Defining sentient cells: Cell receptors (Introduction)

by dhw, Tuesday, April 17, 2018, 11:55 (8 days ago) @ David Turell

dhw: It doesn’t turn out to be automatic. Whenever there is a choice of responses, there is a decision to be taken, and whenever there is a new problem to be solved, there have to be new responses of which, as you keep repeating, it is impossible to say they are intelligent or automatic. This is a matter of interpretation, and as you rightly pointed out, “my” scientists’ interpretations are just as valid as those of “your” scientists.

DAVID: How do you know there is a choice of responses? A bacterium is not a human. It senses food and moves toward it, danger and moves away, an enemy and attacks, waste products accumulate and expels. It is simplicity. All of this is automatic.

Some time ago, we discussed experiments with E-coli in which they were given a choice - but I don't remember the details. In any case, when humans devise means of killing bacteria, they are initially successful, but after billions of bacterial deaths, in due course bacteria come up with solutions. What takes them so long if the solution is already built in to be applied automatically? I don’t know why you keep raising objections when you have agreed that the opinion of pro-intelligence scientists is just as valid as your own anti-intelligence opinion. Here are some examples of bacterial intelligence listed on Wikipedia. You will say they are automatic, and others will say they are evidence of intelligence.

Microbial intelligence

Microbial intelligence (popularly known as bacterial intelligence) is the intelligence shown by microorganisms. The concept encompasses complex adaptive behaviour shown by single cells, and altruistic or cooperative behavior in populations of like or unlike cells mediated by chemical signalling that induces physiological or behavioral changes in cells and influences colony structures.
• The formation of biofilms requires joint decision by the whole colony.
• Biofilm of Bacillus subtilis can use electric signals (ion transmission) to synchronize growth so that the innermost cells of the biofilm do not starve.[3]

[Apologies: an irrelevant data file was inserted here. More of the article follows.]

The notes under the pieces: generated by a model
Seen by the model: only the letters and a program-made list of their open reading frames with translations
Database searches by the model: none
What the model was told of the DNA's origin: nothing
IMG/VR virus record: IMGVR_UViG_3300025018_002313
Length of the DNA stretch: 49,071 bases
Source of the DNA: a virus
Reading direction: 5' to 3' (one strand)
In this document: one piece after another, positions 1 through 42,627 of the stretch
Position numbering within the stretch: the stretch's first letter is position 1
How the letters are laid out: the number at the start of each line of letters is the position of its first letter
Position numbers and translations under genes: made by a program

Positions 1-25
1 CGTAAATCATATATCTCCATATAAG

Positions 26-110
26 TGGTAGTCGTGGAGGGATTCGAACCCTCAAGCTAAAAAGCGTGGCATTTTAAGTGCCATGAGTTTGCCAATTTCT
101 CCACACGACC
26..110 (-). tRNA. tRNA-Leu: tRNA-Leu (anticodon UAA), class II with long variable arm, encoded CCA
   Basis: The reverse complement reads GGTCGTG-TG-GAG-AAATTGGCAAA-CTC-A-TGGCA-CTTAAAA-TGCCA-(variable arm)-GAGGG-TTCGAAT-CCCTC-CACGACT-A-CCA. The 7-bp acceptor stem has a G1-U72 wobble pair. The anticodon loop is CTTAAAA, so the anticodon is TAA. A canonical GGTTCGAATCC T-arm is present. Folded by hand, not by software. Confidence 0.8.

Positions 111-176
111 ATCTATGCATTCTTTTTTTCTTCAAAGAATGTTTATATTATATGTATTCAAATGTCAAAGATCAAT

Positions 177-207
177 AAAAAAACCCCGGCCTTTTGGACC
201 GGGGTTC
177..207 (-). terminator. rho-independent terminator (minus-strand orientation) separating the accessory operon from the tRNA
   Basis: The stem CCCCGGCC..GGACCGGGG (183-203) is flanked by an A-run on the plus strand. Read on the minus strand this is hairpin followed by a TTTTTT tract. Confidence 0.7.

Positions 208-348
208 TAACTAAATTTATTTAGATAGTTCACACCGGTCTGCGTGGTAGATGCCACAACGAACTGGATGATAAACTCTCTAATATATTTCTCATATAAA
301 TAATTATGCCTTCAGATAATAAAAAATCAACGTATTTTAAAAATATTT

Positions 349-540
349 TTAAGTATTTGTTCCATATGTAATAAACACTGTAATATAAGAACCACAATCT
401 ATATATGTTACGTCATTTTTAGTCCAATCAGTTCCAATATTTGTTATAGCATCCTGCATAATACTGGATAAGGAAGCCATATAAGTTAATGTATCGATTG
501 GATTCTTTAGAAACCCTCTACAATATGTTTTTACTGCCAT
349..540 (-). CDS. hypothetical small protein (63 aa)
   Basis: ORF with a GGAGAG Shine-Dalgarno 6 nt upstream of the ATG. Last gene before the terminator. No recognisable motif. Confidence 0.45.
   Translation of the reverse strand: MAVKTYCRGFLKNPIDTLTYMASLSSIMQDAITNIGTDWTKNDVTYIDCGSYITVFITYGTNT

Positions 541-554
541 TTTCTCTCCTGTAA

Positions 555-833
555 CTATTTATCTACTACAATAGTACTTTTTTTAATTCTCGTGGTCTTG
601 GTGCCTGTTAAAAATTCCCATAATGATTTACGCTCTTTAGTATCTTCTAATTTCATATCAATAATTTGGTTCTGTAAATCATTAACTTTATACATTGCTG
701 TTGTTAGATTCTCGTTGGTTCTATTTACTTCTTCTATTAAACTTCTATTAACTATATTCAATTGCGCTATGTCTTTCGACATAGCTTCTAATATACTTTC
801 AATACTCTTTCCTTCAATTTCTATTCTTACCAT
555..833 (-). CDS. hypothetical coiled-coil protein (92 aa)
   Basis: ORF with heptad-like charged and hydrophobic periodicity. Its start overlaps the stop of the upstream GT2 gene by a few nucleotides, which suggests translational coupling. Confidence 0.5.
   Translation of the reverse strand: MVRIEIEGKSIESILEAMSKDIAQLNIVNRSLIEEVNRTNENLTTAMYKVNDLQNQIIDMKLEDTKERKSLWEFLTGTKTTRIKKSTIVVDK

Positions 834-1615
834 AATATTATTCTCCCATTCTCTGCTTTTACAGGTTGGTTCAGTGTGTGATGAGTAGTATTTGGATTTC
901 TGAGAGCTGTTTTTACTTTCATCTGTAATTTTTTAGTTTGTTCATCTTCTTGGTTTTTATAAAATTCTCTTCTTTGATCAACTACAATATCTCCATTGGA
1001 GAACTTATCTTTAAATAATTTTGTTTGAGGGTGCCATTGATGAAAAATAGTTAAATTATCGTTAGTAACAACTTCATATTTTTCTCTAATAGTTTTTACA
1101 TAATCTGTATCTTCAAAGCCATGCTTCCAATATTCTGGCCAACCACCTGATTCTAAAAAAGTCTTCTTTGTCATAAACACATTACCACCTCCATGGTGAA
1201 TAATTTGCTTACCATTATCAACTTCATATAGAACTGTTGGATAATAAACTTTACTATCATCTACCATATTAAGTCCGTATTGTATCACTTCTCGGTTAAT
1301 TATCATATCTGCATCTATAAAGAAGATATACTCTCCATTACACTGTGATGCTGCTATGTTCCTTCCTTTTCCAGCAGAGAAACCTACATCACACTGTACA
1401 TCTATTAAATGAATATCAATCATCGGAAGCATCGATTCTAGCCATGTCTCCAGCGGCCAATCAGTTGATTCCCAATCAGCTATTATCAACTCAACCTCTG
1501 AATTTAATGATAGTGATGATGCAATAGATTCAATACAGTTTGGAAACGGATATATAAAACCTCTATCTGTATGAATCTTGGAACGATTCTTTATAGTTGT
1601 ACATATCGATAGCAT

• Under nutritional stress bacterial colonies can organise themselves in such a way so as to maximise nutrient availability.
• Bacteria reorganise themselves under antibiotic stress.
• Bacteria can swap genes (such as genes coding antibiotic resistance) between members of mixed species colonies.
• Individual cells of myxobacteria and cellular slime moulds coordinate to produce complex structures or move as multicellular entities.
• Populations of bacteria use quorum sensing to judge their own densities and change their behaviors accordingly. This occurs in the formation of biofilms, infectious disease processes, and the light organs of bobtail squid.
• For any bacterium to enter a host's cell, the cell must display receptors to which bacteria can adhere and be able to enter the cell. Some strains of E. coli are able to internalize themselves into a host's cell even without the presence of specific receptors as they bring their own receptor to which they then attach and enter the cell.
• Under rough circumstances, some bacteria transform into endospores to resist heat and dehydration.
• A huge array of microorganisms have the ability to overcome being recognized by the immune system as they change their surface antigens so that any defense mechanisms directed against previously present antigens are now useless with the newly expressed ones.

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